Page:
To the Grand Dame of Crime

A love letter to Ruth Rendell

Some authors come along at the perfect moment. Serendipity brought me Ruth Rendell.

I needed—not wanted, needed—a good book in the spring of 2015. I had been in a literary dry spell for months, the last dozen books inspiring nothing more than a lackluster “cool story, bro.” I didn’t just want a good book—I needed one—then to take my mind off my father’s sudden death the month before. I had held his hand as he took his last breaths after falling and breaking his neck. I couldn’t stop thinking about his decision—“No more machine! No more machine!”—to go off the ventilator. Then I brought a Rendell mystery for 99 cents during a Kindle flash sale.

It might sound perverse that I found solace in a sordid psychological thriller about a girl raised by a serial killer mother. Yet that is what happened. The wonderfully intricate story of a girl raised in isolation on an English estate reminded me that I could think of other things. That life had to go on. At the end of The Crocodile Bird, I was all set to send her a thank-you note—gratitude for creating a fictional death that took my mind off a real-life version. An unsettling coincidence made that impossible. Ruth Rendell had died as I was reading her. (The same thing happened with Oliver Sacks!)

Since I never got to write that note, let me do so now. Let me count the ways in which the Grand Dame of Crime has become one of my favorite authors.

The Magic of the Whydunit

Although Rendell is most famous for her Inspector Wexford whodunits, it is her psychological thrillers where her brilliance shines. At least, I think so. They are whydunits where the mystery is not the whom, but the why.

It is perhaps her famous 1977 A Judgment in Stone that best illustrates her skill at psychological suspense. The first line reads: “Eunice Parchman killed the Coverdale family because she could not read or write.” Herein you have all of the essentials of a murder mystery: the killer’s identity, her motive, and the victims’ identities. What’s left? Well, a lot—191 pages to be exact. Although we know the “essentials” of the crime, none of it make sense. Why would illiteracy drive anyone to murder? Why an entire family? Why was this Eunice illiterate in the first place? These questions, ladies and gentlemen, will take 191 pages to answer. What a brave opening line!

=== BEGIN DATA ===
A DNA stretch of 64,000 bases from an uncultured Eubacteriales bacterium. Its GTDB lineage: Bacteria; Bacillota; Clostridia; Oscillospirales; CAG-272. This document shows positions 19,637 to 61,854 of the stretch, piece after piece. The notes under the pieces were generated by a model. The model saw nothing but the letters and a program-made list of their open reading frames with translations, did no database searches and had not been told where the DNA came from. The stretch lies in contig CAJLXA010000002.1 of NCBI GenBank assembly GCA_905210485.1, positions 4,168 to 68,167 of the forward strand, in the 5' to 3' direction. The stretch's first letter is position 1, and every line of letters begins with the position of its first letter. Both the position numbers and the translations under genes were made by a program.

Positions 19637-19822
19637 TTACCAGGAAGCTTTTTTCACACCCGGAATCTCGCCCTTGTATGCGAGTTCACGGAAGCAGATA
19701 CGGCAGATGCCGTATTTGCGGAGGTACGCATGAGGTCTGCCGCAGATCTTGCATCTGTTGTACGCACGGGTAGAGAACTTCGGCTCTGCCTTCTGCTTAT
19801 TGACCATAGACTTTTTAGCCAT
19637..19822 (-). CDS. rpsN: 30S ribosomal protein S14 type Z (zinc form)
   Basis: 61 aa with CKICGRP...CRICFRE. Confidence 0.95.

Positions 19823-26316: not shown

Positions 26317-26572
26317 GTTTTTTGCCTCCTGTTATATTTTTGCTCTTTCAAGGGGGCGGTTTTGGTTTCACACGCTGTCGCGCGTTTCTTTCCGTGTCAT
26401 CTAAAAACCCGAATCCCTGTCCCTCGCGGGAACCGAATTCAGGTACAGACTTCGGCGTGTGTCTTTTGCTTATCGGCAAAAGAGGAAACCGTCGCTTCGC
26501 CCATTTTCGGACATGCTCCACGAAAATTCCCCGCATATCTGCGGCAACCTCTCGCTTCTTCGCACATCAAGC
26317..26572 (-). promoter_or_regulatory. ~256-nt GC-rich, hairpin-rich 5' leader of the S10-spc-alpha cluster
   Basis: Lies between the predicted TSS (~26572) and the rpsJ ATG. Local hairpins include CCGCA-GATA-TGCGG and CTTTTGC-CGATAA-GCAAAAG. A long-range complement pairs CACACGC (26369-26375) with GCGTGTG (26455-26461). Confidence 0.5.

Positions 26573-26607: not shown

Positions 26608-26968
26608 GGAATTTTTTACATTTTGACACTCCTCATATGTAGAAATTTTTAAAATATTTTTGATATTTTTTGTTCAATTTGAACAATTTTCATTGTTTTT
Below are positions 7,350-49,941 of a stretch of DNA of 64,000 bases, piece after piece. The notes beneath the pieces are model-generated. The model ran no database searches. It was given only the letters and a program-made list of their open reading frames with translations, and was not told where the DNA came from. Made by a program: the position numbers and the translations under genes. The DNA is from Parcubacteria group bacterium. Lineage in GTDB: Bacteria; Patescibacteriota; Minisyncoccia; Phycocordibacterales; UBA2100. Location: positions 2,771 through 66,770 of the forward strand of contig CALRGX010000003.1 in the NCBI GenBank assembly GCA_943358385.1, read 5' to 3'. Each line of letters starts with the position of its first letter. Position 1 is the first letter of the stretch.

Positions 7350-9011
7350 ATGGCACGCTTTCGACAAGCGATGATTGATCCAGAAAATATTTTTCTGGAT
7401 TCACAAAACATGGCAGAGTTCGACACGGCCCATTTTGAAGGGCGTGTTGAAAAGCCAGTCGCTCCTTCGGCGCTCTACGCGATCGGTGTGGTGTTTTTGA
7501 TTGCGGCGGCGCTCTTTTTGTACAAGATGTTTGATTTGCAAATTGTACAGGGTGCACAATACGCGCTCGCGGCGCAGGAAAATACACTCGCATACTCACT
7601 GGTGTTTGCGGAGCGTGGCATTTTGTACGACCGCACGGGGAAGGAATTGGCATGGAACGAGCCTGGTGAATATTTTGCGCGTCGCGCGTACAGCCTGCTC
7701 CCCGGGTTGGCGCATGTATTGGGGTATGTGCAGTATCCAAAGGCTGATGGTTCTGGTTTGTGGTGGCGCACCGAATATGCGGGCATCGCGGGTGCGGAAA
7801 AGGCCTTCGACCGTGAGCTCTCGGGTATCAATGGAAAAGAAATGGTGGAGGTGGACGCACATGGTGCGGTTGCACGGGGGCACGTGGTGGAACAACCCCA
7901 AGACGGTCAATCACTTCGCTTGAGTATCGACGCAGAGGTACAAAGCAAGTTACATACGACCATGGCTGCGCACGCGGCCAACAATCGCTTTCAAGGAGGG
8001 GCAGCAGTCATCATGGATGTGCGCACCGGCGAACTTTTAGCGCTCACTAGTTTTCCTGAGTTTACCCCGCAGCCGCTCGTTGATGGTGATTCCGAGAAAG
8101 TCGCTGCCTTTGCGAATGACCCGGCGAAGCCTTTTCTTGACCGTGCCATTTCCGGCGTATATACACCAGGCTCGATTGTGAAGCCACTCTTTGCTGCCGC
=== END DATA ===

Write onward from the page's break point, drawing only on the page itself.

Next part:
Whydunits are challenging to write. You cannot rely on red herrings or obfuscation. Nor can the motives be as prosaic as greed, jealousy, or sociopathy. Motives so common in most crime novels that they merit an aisle of their own. You need something more compelling: our fiobles and the forces that shape them. It wasn’t merely Eunice Parchman’s illiteracy and sociopathy that sped her to homicide. It was also the Coverdales’ elitism and superciliousness. No murder happens in a vacuum, and sometimes the why of it is more fascinating than the who. Rendel is a grandmaster of the whydunit.